matrix-corridors-screensaver-2 April 9, 2013 SPORTS: According to Montreal Canadiens NHL Coach, Michel Therrien, the return of forward Rene Bourque to active playing status is imminent after missing 21 games caused by a concussion. Therrien stated, ” Bourque is going to have to be patient to work on getting back into game shape.”

Bourque was expected to return to play around March 23 against Buffalo but suffered a setback in his healing recovery. Bourque took a plane to Atlanta to be treated by the GyroStim roll-spin-yaw axis computer controlled chair that looks like a jet pilot flight simulator in the treatment center of Dr. Ted Carrick. Dr. Carrick, a concussion specialist has used the GyroStim 3-axis chair with previous NHL patients Sidney Crosby, Guillaume Latendresse, Claude Giroux. Here in Latendresse words are his recollections from his treatment.

Latendresse “When I went to Atlanta to see Dr. Carrick, the treatment went great for me, but the way his machine works is it makes you spin…

SL: Like a gyroscope? How was it for you when you went into the machine, because, I believe you go in 30-second sequences, right?

Latendresse : Yes, exactly. On the first day, they give you a pair of special glasses and you don’t really know what to expect. They make you do plenty of tests, like for example, they made me walk a straight line and they made me recite the months of the year, but I had to skip one of two (January, March, May and so on), so that way, I had to use my brain and when that happened, I lost all my reflexes on the left side of my body, my arm stayed straight while I was walking so he (Dr.Carrick) said ”Ah! It’s something on the left side”. So then, I put on my glasses which had cameras in them unbeknownst to me. Then he told me to follow the green line and there were results for that, then I had to follow a wavy line and I struggled to do it, I would go straight when I needed to go like this (makes a wave-like gesture with his hand), then it was a saw-like line and I just couldn’t stay on the line. With the results of those exercises, he was able to determine that the response from my left side was sluggish.

So then, what that machine does (the gyroscope-like machine, which is called a GyroStim, is one of only three in the US, according the people at GyroStim and it is a multi-axis rotating chair. You can find out more at their website, you could go in, they would spin you like this, you could go in, it would spin you the other way, I went in and they spun me this way (forward motion). I did it 3-4 times a day, 30 seconds at a time for one week. By the second day, I looked at my girlfriend, she was with me, I said to Annie (Villeneuve, a Quebec professional singer) ”I felt a trigger, I haven’t felt this way in 5  months, but I felt a trigger, my brain is back on, it’s ready, I felt it”. I went to bed at 10pm that night and I woke up at 8 the next day, went for my treatment, took a nap from 8:30 to 11, went for another treatment, took another nap from noon to 5, went for treatments again and then I went to sleep and slept through the night. The next day I felt perfect.”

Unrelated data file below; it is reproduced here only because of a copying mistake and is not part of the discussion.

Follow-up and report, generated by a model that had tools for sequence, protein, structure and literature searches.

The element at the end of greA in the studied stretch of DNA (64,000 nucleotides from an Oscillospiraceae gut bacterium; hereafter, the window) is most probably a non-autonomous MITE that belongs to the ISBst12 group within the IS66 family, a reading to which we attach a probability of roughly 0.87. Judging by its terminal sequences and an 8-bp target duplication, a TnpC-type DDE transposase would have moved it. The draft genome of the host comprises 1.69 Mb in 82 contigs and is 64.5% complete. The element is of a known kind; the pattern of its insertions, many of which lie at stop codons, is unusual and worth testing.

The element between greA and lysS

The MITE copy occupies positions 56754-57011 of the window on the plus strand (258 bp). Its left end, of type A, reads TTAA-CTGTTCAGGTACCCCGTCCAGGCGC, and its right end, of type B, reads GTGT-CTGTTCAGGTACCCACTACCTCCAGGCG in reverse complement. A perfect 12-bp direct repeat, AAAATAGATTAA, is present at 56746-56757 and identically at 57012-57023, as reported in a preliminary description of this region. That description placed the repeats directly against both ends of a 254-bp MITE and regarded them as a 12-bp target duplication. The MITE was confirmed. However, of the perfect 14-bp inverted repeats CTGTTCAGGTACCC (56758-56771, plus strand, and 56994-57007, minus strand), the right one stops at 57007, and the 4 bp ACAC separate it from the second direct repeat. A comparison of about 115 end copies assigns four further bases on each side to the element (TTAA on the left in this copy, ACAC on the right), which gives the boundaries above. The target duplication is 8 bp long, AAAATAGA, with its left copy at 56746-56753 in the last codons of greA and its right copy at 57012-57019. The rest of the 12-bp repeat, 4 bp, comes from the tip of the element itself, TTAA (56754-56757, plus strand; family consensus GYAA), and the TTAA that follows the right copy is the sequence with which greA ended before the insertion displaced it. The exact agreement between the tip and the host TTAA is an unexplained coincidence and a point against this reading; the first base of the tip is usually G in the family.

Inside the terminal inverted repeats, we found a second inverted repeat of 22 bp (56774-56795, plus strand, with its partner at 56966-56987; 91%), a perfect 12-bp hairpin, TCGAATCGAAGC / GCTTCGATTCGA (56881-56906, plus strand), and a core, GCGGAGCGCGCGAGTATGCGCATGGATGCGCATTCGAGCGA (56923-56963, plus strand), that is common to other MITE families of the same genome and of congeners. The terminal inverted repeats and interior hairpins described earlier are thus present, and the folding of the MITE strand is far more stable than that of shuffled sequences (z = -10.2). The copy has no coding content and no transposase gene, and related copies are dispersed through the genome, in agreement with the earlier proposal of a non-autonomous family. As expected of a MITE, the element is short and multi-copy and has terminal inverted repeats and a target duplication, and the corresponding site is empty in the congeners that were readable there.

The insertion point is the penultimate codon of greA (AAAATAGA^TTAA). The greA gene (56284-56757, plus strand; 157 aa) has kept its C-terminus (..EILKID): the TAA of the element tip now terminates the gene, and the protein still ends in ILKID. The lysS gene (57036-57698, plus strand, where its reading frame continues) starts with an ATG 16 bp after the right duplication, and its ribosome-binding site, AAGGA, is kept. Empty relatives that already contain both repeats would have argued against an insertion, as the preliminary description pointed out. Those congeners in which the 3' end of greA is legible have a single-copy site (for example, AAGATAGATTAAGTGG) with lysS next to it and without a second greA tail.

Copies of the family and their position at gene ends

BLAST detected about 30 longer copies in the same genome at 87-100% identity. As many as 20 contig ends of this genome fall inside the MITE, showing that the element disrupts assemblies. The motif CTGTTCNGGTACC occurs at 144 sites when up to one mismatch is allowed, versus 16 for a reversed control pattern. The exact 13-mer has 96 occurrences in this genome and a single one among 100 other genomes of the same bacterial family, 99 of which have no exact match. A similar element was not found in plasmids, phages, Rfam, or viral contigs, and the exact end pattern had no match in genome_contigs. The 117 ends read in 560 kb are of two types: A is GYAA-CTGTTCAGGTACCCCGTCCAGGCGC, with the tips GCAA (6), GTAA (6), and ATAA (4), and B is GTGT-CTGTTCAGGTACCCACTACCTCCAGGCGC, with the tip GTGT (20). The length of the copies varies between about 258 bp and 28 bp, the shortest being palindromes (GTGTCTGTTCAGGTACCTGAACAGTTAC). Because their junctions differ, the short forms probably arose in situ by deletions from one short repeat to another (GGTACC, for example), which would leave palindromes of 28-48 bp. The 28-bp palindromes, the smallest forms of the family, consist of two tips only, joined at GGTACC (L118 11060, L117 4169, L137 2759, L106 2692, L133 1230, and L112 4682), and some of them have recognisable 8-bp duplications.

The words that Latendresse used to speak to Annie, were, “J’ai sorti de la brume!” which translates to, “I’m out of the fog !”


What is the sensation of ‘being in the fog?’ How do we interpret that very accurate expression that describes being in concussion? But notice the significant descriptions of not being able to track along beside a line as if our body was on a canted bicycle with a bent frame. Being in concussion is essentially loosing your innate center of gravity. But the key word here is: gravity. Brain concussions are gravity sensing injuries. Let’s explore that sentence. First how does an animal recover itself from a brain concussion does it just get up to stagger around or is there something else going on, as a built-in sequence of repair, a repertoire of recovery? Is there a dance sequence, a kind of step by step as if the animal were learning to tango dance? I’m exaggerating here, but there is a miraculous built-in repair sequence of how the gravity vector is repositioned within the working of the body motion of the animal. The animal relearns the basics along a very strict regime of repair. First to return is the facing forward motion, what’s directly in front to what’s behind. Once this motion retraining like a baby crawling only in one direction then back along the same path. This motion is exhausted until the motion is smooth. This is one axis. The next motion is the side to side, at exact perpendicular to the first path. This is the hand over hand that a baby makes going sideways first to the left then to the right. The distances increase slowly, then the pace picks up practising. That is the next, second perpendicular axis in the same plane. The final axis of repair is the axis perpendicular to both other axes, the vertical axis. The animal rears up against some surface, repeating up then down. It practises until the moment comes when the animal can jump up and down vertically smoothly. How is this possible that a built-in sequence as if an animal version  App For Recovery is performed? Here is the paper that I found this astonishing information revealed yesterday. The animal repairs its orientation to gravity in the X then Y then Z axis. The animal recovers its relationship to the omnipresent gravity vector in the sequence of first one direction along the plane then the perpendicular plane direction finally with the vertical plane perpendicular to the other 2 planes, the essential Cardinal axes of X-Y-Z. That sequence I believe is at the heart of the treatment of the GyroStim vestibular chair that Latendresse was describing. Check his recollections. First he wobbled off-balance, he couldn’t stay course on a wavy line he lost his vertical, he had lost his gravity vector in his space matrix surrounding his inner impression of where he was. That’s what the day by day treatment helps recover in sequence the return to the merging of all 3 axis of that is the gravity vector of orienting our matrix space immediately surrounding us, ” Annie j’ai sorti de la brume !”